Diane Macunovich received her Ph.D. in Economics from the University of Southern California in 1989, after receiving her undergraduate degree from M.I.T. in 1966 and then working for seventeen years as an economic and demographic consultant in the U.S., U.K., Iran and Canada. She specializes in research on economic and demographic feedback effects: how population growth affects the economy, and how economic conditions affect population growth. Much of her work is presented in her book Birth Quake: the Baby Boom and Its Aftershocks (University of Chicago Press, 2002). She lived and worked for eight years in England, and nine years in Canada, before returning to school to get her PhD at USC, and came to the University of Redlands after ten years at Williams College in Massachusetts and four years at Barnard College, Columbia University in NYC.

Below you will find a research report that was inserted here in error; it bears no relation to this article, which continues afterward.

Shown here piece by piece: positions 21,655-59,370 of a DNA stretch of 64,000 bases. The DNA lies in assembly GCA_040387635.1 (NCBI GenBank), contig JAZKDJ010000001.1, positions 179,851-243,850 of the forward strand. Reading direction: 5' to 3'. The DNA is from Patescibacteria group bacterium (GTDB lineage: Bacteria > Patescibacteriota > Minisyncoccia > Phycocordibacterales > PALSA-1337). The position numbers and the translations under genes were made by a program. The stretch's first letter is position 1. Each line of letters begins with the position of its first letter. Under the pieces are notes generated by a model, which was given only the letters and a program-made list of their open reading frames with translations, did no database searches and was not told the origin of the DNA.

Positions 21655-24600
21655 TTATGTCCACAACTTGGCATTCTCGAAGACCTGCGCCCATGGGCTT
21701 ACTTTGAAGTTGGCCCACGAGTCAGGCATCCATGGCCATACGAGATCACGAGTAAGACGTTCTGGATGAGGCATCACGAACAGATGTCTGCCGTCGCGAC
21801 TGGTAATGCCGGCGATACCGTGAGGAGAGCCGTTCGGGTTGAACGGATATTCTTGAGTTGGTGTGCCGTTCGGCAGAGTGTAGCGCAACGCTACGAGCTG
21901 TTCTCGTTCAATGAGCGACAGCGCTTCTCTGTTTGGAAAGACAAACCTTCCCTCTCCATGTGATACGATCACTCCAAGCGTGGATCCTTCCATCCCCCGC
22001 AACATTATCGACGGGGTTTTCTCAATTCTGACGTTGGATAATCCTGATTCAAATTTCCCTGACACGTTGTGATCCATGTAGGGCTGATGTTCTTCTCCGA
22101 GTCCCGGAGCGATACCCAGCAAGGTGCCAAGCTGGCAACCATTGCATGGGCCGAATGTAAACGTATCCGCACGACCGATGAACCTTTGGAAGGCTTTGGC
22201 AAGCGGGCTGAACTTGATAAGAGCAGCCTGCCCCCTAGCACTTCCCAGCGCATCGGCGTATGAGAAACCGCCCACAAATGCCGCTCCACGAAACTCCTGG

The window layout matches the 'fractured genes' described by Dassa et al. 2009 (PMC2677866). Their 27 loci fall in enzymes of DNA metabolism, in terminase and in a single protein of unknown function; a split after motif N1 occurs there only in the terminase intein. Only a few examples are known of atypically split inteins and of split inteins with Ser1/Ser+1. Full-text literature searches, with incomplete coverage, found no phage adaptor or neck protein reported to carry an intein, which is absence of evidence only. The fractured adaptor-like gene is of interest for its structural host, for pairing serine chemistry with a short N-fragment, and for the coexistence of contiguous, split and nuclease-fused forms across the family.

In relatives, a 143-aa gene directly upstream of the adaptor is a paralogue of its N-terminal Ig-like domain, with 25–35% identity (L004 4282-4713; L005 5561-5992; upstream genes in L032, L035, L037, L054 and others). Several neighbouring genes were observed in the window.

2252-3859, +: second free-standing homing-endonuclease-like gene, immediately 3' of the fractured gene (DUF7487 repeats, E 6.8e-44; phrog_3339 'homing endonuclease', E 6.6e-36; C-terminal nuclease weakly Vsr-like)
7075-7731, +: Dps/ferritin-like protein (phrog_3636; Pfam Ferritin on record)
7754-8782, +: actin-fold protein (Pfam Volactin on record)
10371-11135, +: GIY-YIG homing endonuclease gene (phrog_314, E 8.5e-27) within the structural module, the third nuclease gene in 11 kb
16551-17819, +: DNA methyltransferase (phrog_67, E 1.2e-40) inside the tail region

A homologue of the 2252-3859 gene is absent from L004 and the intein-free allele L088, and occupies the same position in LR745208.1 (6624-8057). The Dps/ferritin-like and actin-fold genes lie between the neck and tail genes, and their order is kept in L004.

Most ofher work focuses on the effects of the post WWII baby boom on changing relative cohort size (the number of young adults relative to the number of prime age adults), and the effects of that on material aspirations, (the income of young adultsrelative to their aspirations as measured by parental income), and the effects of that in turn on marriage, fertility, and male and female labor force participation. In addition, that work looks at economic impacts of the baby boom – on things such as wages, unemployment, patterns of retirement, and GDP growth. Her most recent work focuses on demographic factors – changing age structure – behind the incidence of recessions.